Originally Posted by User3204
9th July 2009, 12:10 AM #50
True; my second example wasn't a very good one. (ooo, semi-colon )
Originally Posted by GrumbleDook
The annoying thing, I think, isn't the 'we' implication, but the simultaneous attempt by managements to appear to be part of a workforce and enjoy the perks that come with being above it. 'We'-ism is particularly bad here, and it's almost certainly by example - the Head and DHs use it, and gradually everybody else also seems to be doing so, except me.
I agree management jargon is a specialist language of its own, but it's very different to the scientific basis of medical jargon - it seems to come and go in fads of phrases like 'going forwards', 'touching base', 'from the get-go', etc. They don't actually mean anything, otherwise they'd last longer - it's just that all the cool kids are saying them. Most of it's just plain patronising, including a lot of uses of we-ism.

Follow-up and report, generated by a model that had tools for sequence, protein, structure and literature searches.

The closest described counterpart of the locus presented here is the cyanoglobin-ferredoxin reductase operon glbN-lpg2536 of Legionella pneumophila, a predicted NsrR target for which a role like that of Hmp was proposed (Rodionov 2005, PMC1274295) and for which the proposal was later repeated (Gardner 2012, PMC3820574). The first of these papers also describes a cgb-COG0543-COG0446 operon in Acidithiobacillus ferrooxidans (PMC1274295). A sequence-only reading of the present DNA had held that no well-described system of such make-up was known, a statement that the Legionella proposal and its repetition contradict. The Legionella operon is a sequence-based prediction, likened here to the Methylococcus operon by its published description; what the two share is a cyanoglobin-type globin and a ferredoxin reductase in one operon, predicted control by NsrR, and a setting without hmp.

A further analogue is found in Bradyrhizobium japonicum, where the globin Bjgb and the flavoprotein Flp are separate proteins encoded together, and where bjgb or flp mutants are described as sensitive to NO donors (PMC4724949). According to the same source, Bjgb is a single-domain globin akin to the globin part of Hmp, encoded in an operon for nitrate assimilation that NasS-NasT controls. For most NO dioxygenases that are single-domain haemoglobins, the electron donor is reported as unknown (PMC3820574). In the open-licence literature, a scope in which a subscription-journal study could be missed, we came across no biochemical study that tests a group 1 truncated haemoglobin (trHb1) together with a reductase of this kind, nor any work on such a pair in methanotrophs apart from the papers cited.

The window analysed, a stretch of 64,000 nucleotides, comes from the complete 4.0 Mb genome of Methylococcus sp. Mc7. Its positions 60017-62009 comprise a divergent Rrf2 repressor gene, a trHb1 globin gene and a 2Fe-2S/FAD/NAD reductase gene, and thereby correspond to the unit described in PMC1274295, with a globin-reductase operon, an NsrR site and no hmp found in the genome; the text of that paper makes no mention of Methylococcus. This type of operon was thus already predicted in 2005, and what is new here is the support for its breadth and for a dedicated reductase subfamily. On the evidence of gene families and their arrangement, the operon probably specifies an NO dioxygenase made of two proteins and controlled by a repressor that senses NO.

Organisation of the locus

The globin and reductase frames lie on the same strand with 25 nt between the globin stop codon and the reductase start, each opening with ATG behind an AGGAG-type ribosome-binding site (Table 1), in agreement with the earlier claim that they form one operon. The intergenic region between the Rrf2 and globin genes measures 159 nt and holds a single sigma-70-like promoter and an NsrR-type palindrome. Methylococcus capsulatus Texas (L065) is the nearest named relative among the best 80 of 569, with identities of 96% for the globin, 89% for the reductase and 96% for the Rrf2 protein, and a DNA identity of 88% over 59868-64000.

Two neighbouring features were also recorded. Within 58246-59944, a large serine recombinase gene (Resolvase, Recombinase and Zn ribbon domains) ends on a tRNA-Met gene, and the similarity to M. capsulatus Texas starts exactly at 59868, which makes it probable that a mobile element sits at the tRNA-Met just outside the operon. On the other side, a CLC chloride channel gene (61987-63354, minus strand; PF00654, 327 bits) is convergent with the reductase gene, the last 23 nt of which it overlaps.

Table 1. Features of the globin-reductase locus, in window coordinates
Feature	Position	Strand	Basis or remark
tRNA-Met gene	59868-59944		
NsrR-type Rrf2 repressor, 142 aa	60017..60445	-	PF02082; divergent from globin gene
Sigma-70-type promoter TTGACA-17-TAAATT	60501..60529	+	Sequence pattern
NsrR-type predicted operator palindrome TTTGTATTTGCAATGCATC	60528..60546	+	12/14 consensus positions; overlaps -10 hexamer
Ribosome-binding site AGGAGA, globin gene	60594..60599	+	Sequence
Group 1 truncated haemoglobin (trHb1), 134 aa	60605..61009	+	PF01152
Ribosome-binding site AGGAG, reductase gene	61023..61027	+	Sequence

(I feel much better now )
Last edited by powdarrmonkey; 9th July 2009 at 12:14 AM.
9th July 2009, 12:31 AM #51
When jargon is used internally between fellow manglement speakers it can cut down conversations to a fraction of the time since you don't have to explain certain key phrases because we all know the latest bit of Govt target and the phrases *that* uses.
The problem comes when manglement speakers try to interface with those who have opted for a career of leading from the middle or those that provide support and impetus to achieving the end targets (heard last month!)
Good managers will chose how they speak, will help translate when needed and also teach people the key phrases so the jargon is no longer jargon, just a few words used to describe something in a different manner.
The Jargon will always be based on the present trends, the same way that slang is. Sometimes I wish the manglement speak was formally codified and we could seriously tie down the meaning. Personally I hate the use of 'community' or 'stakeholder' when it is used to refer to groups that already have names that are perfectly servicable. Don't give me the excuse of it allowing you to cut down on listing the groups ... they usually end up listing them anyway to make sure that we haven't missed a group out when talking about stakeholders!
9th July 2009, 12:32 AM #52